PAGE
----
Malik Hooker, FS, Ohio State: Last season only two teams (Cleveland, Detroit) allowed a worse ratio of touchdown passes allowed to interception than the Jets’ user-friendly defense, which surrendered 30 scores and only picked off 10 passes. Given the aggressive nature of defensive-minded head coach Todd Bowles and general manager Mike Maccagnan’s trusted Best Player Available strategy, it is easy to envision the duo falling in love with Hooker, whose range and ball skills (seven interceptions in 2016) could have the Jets flying much higher in 2017.



Jonathan Allen, DT, Alabama: The Chargers won big a year ago with Joey Bosa and could be in a similar position this year should Allen fall into their lap. The 6-3, 286-pound Allen has the intangibles the Chargers have long prized and could remind new defensive coordinator Gus Bradley of former Seahawks pupil Michael Bennett with his positional versatility, initial burst and coordinated, powerful hand play.



Christian McCaffrey, RB, Stanford: Though he is far from the only one to blame for Carolina’s woes on offense, the Panthers’ slip last season in running the ball puts the spotlight once again on Jonathan Stewart’s struggles with durability. The 13th overall pick of the 2008 draft has only played in 16 regular season games three times over his nine-year career and not since 2011. Pairing him with a dynamic runner, receiver and returner like McCaffrey could be the perfect fit – and one made easier with Carolina re-hiring assistant coach Lance Murphy, who spent the past three coaching McCaffrey at Stanford.



Derek Barnett, DE, Tennessee: Adding a young pass rusher to complement veterans Geno Atkins and Carlos Dunlap is expected to be among the Bengals’ top draft day priorities.



O.J. Howard, TE, Alabama: Whether it be in the form of wide receivers or tight ends, the Bills need to bring in more weapons for re-signed quarterback Tyrod Taylor. After watching Greg Olsen become the Carolina Panthers’ most trusted pass catcher while serving as defensive coordinator, new Bills head coach Sean McDermott may see Howard as the better complement to an offense expected to remain centered around the running game.



Taco Charlton, DE, Michigan: The Saints ranked 27th in the NFL a year ago with just 30 sacks, a real concern given the quarterback talent in the NFC South. Help is on the way with former Arizona Cardinals’ edge rusher Alex Okafor but he signed only a one year deal. It took a while for the light to come on for Charlton at Michigan but he led the Big Ten in sacks a year ago in his first season as a full-time starter. Boasting a terrific combination of burst, bend and length, Charlton has Pro Bowl potential.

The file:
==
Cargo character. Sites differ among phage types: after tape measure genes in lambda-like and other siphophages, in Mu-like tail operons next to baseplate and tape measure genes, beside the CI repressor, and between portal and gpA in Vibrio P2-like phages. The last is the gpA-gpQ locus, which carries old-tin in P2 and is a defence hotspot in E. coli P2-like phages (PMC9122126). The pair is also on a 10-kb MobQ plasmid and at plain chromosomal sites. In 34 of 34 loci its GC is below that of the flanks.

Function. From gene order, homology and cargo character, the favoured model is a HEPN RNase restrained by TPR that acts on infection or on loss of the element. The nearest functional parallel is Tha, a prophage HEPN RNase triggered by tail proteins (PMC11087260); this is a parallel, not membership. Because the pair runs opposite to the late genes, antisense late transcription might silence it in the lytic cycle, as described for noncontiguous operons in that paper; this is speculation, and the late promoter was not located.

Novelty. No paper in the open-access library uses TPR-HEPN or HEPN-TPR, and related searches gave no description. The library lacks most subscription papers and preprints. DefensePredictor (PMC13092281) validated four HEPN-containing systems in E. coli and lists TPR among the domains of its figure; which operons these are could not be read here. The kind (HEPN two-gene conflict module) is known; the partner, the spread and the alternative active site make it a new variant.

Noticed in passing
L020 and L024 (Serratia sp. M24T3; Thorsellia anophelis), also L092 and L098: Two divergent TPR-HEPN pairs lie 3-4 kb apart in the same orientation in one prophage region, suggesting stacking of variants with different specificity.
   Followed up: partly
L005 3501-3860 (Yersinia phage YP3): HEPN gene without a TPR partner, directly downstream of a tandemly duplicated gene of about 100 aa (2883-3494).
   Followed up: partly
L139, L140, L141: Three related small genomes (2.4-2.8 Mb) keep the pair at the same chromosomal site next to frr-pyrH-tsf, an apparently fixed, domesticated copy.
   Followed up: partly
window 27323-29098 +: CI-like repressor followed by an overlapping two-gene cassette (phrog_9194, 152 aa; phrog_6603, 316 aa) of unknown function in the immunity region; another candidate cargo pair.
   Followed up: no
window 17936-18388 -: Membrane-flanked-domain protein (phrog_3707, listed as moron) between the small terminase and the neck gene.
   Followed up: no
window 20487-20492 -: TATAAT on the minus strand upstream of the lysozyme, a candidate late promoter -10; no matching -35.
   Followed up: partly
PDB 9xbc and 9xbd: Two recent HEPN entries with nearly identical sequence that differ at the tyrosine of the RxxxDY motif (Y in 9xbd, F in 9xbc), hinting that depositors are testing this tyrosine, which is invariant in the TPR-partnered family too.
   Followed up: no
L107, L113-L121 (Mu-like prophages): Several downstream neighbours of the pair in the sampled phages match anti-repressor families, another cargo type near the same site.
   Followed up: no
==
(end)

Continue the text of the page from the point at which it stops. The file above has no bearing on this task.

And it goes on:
Mitch Trubisky, QB, North Carolina: The splashy trade for Brock Osweiler is not likely to keep Cleveland from drafting another quarterback. Trubisky is obviously a roll of the dice given that he only started one year for the Tar Heels but he showed impressive accuracy, athleticism and pocket awareness in 2016. The Ohio native possesses the combination of upside and intangibles that Sashi Brown and Hue Jackson prioritized with their draft picks a year ago.



Patrick Mahomes II, QB, Texas Tech: The Cardinals have publicly stated their intention to find a young quarterback to groom under Carson Palmer and teams are excited about Mahomes’ upside. After starring in Tech’s shotgun-heavy Air-Raid offense, Mahomes is undeniably a project but he possesses the gunslinger mentality and arm talent to excite Bruce Arians.



Marlon Humphrey, CB, Alabama: Last year’s starters Leodis McKelvin and Nolan Carroll are gone and free agent addition Patrick Robinson was only signed to a one-year deal. Humphrey, the top-rated corner on some boards, is an NFL legacy with a rare combination of size (6-0, 197 pounds) and speed (4.41). At just 20-years old, Humphrey appears to be just scratching the surface of his potential.